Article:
In the end we left Excalibur in Martinique, flew to Sint Maarten, and got our connecting flight to Bonaire.
That’s the shortish story. We also had to think about what we’d be doing if we did get the boat. We’d have to wait in Bonaire for the sale to complete, then move the new boat to the BVIs as that’s the best place to get both boats together, unload Excalibur and then take her to the US Virgin Islands to get loaded on to container ship to the UK. Further complications involved not having a proper visa to sail to a US island. But, we think we can take a ferry to a US island, get a multiple entry visa stamp in our passports, ferry back to the boat and then sail to a US island with the boat for a maximium period of 90 days. Another thing we had to consider was that sailing from Bonaire to the BVIs can be a bit tricky with winds, and we may have to stop off at Puerto Rico, another US island – and then what if we needed repairs, we wouldn’t have the US stamp in our passports. So for a while Trina was trying to find a flight to Bonaire that had a connecting flight through the USA.
The whole thing required expert timing with kung-fu skills.
While Trina has been working this out I started going through the listing, drawing up a checklist of questions and locations of systems etc (70 questions in all). Of course this boat is a lot more complicated than Excalibur, so I went on a mission to learn all about the various things that the boat came with.
For reasons I won’t go into publicly, the purchase of the new boat was exceptionally difficult which is why I’ll just refer to the boat as HC for now. Putting it politely, the previous owner wasn’t the easiest person to get along with. I’ll shortly have a password protected post explaining all, but you’ll need to message me for the link and password.
Since becoming the owners of HC, we’ve been working like dogs in the blistering heat in Curaçao to get her seaworthy and ready to set off to the BVIs. The days are long, dirty and tiring, but the boss lets me drink on the job and it beats working in an office.
We’ve had quite a few dramas since owning HC. We spent 2 1/2 weeks on the hard. Once the previous owner left we went on a massive cleaning spree. The boat stunk of stale piss, so the first job we did was empty and disinfect the entire boat.
The first night we squeezed into the aft cabin and slept there, as the master cabin and toilet smelt like a public toilet. The next night I discovered mouse poos in the bedding, so we slept in the main saloon.
Then we found more and more cockroaches, so we had to get pest control in and empty the boat again and get the whole place sprayed. The guys used an odourless spray that was non-toxic to humans. Water, I thought. Suspicious but in dire need of a cockroach-free boat we took our chances. The first night, we saw a daddy cockroach climbing the walls, and from then on we only found dead ones. Though 2 1/2 weeks later, we’ve started seeing a few live ones. This morning I found one under the table, on his back performing his best death scene. All the dead cockroaches seem to die on their backs, why the amateur dramatics I don’t know. A few days after writing this, we found one under the table, another in a food cupboard, and after moving all our food to an unused fridge in the workshop, we then found one in there. Disgusting beasts!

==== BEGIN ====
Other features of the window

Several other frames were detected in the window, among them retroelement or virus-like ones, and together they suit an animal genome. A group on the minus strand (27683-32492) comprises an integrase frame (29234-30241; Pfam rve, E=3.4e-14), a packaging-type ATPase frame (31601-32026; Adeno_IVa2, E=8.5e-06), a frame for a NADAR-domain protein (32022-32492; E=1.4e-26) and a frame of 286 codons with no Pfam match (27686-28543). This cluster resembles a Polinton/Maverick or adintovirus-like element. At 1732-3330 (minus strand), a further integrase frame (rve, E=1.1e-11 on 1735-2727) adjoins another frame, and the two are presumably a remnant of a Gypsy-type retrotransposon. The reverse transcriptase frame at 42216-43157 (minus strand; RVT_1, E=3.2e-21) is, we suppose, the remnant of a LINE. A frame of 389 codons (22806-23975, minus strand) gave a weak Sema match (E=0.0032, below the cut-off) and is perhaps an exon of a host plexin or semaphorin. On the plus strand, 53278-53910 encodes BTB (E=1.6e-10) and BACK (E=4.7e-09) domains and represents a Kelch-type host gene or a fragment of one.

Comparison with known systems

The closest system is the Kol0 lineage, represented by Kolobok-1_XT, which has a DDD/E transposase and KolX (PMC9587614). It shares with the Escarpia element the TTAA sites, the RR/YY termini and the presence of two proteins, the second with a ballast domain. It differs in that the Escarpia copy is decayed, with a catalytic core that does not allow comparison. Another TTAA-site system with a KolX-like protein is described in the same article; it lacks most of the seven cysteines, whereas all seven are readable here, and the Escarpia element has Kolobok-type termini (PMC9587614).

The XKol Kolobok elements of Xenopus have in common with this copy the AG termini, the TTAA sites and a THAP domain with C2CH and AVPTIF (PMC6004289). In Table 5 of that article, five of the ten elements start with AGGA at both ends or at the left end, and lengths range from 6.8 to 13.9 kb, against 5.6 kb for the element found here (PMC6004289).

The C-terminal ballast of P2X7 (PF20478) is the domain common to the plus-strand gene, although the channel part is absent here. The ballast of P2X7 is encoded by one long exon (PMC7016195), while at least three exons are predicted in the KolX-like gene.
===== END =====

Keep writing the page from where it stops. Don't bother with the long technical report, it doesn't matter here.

As for the mouse, we’re still doing our best to catch the little shit.
We’re now back in the water, and almost ready to sail to the BVIs. We’ve been waiting for an autopilot to turn up, but we’re out of luck and will have to hand steer for 3-4 days to the BVIs.
Someone asked why we decided to buy a bigger boat, and the answer is not entirely clear cut. We wouldn’t have bought one had our friend from the ARC not mentioned Hans Christians. I think had we not gone to that dinner we’d have continued sailing on Excalibur quite happily. To satisfy my own curiosity, one night I set some filters on Apolloduck to only show boats over 40ft with a budget beyond what we could afford and found nothing that tickled my fancy.
The Hans Christians for us, encompass everything we like in a boat and ultimately that’s whats brought us to this point in time. We saw our future selves living and sailing on this boat, and we’ve taken a gamble and we’ll now see how well our vision and reality matches up…
But I’m straying from the point, the main things that attracted us to the HC was:
- Full keel
- Heavy displacement
- Built in the 80’s when fibreglass hulls were over-engineered
- Beautiful solid teak interior
- Classic boat feel
- Comfortable sleeping quarters
- Big galley for cooking
- A workshop
- Second cabin
- Large water and fuel tanks
We think from an aesthetic point of view they have all the benefits of a fibreglass boat, but with a wooden boat’s charm.
Having a larger boat means we can take friends with us sailing, and with larger water tanks we can sit at anchor for longer. And one other bonus is that I can stand up without hitting my head in practically every part of HC.
It’s going to be a sad day to see Excalibur go. Excalibur has been a superb boat and a great introduction to sailing, she has given us the opportunity to cross oceans on a small budget and has always looked after us. I’ve had Excalibur for around 9 years now, and have spent the majority of that time living on her. I hope the next owners will have similar aspirations. I might put a clause in the sale that they have to promise to take her through the Panama canal.
I’ll write up a bit of a bio for the boat in the future. But here’s a few pics for now.